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Scientist of the Week 2: Ahmed Zewail

This weeks Scientist of the Week #SOTW is Ahmed Zewail, the famous, Egyptian scientist & Nobel laureate, for his amazing research in femtochemistry: studying chemical reactions across femtoseconds (1 fs= 10-15 seconds). 


Born on February 26, 1946 in a city not so far from Alexandria, Egypt; Zewail “lived an enjoyable childhood”.  His family’s dream was to see Zewail achieve a high degree abroad and return to Egypt to become a university professor.  Zewail completed his degree in Alexandria University with First Class Honours and it is the same place where he realised his strong passion for science especially the physical sciences.  

Zewail then went onto complete his Masters and PhD in Alexandria University where he was employed as a demonstrator (“Moeid”) where he gave lectures to undergraduates.  He then travelled o the United States where he completed his PhD in the University of Pennsylvania with advisor Robin M. Hochstrasser. Zewail then moved to Berkeley, U.S.A to complete a post-doctoral fellowship at the University of California, Berkeley with advisor Charles B. Harris.

After completing his post-doc, Zewail was awarded a faculty appointment at the California Institute of Technology where he has been working ever since 1976. In 1990 he was made the first Linus Pauling Chair in Chemical Physics.

Key research / awards

Of the notable works that Zewail has worked through; is his work in femtochemistry, studying chemical reactions across femtoseconds (1 fs= 10-15 seconds).  Before the late 1980’s it was almost impossible to study the events that occur in a chemical reaction, however Zewail was able to view the motion of atoms and molecules based on new laser technology capable of producing light flashes just tens of femtoseconds in duration (a.k.a femtosecond spectroscopy).  

For his contributions to science and for his public service, Dr. Zewail has garnered honours from around the globe. Fifty Honorary Degrees in the sciences, arts, philosophy, law, medicine, and humane letters have been conferred on him, including those from Oxford University, Cambridge University, Peking University, École Normale Supérieure, Yale University, University of Pennsylvania, and Alexandria University.

Recent research

4D Microscopy:  Professor Zewail’s current research is focused on the structural dynamics in chemistry and biology with focus on the physics of elementary processes in complex systems. The main research is based in producing four-dimensional (4D) ultrafast electron microscopy and diffraction for atomic –scale visualization in space and time.  Together with spectroscopy and large-scale computations, the goal is to understand complexity and nature of physical, chemical and biological transformations.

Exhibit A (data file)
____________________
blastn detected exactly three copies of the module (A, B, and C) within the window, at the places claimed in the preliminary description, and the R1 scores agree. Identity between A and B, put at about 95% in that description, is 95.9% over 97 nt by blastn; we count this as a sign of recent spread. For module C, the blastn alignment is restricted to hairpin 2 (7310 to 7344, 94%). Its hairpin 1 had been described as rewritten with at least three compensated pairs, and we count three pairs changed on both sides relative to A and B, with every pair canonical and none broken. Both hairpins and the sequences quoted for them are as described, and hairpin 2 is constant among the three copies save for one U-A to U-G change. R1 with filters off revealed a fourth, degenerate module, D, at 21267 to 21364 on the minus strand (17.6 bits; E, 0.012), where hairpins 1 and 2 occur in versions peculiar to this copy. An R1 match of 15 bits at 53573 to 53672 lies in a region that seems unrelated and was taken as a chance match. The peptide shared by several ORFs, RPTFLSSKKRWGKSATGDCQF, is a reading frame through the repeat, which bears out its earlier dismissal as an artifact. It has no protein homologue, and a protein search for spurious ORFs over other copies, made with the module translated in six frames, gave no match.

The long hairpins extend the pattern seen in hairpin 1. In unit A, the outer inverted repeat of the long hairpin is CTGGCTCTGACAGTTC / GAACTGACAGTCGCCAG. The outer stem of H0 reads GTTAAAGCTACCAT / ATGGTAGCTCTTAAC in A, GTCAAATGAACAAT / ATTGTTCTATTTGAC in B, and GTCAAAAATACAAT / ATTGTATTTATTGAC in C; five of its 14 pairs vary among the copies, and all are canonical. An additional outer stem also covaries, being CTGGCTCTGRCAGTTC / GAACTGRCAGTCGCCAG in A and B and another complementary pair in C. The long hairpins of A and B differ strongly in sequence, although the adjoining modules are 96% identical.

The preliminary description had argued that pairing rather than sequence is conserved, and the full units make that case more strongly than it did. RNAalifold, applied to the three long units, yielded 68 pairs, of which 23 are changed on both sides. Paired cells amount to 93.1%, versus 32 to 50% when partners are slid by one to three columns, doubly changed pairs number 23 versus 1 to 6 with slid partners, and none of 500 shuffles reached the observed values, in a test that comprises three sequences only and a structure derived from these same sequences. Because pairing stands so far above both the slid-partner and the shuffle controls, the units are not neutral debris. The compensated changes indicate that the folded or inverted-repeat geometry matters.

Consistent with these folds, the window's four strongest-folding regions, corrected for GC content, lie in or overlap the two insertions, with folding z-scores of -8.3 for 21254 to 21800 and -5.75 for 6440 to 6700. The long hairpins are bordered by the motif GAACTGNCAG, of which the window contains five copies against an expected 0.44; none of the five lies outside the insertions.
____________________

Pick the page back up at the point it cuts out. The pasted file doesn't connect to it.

Prof. Zewail also is devoted to giving public lectures to enhance awareness of the value of knowledge gained from fundamental research, and helping the population of developing countries through the promotion of science and technology for the betterment of society.

Nobel Peace Prize

At 5:40 in the morning on Tuesday, October 12, Ahmed Zewail got a phone call - it was the Royal Swedish Academy of Sciences informing him he had won the 1999 Nobel Prize in chemistry. The citation reads, in part, that Zewail "is being rewarded for his pioneering investigation of fundamental chemical reactions, using ultra-short laser flashes on the time scale on which the reactions actually occur"...  Dr Zewail studied atoms and molecules in “slow motion” during a reaction and seen what actually happens when chemical bonds beak and new ones are created.

Described as the world’s fastest camera, this utilises laser flashes of such short duration that are at the time scale on which the reactions actually happen – femtoseconds (fs). One femtosecond is 10-15 seconds that is 0.000000000000001 seconds. This area of chemistry as named femtochemistry.

Femtochemistry helps us understand why certain chemical reactions take place but not others, and also determine the speed and yields of different reactions.  This will aid the future research into the mechanisms of life and how the medicines of the future should be produced.

“At the age of 21, as a Moeid, I believed that behind every universal phenomenon there must be beauty and simplicity in its description. This belief remains true today.”
-          Ahmed H. Zewail, Autobiography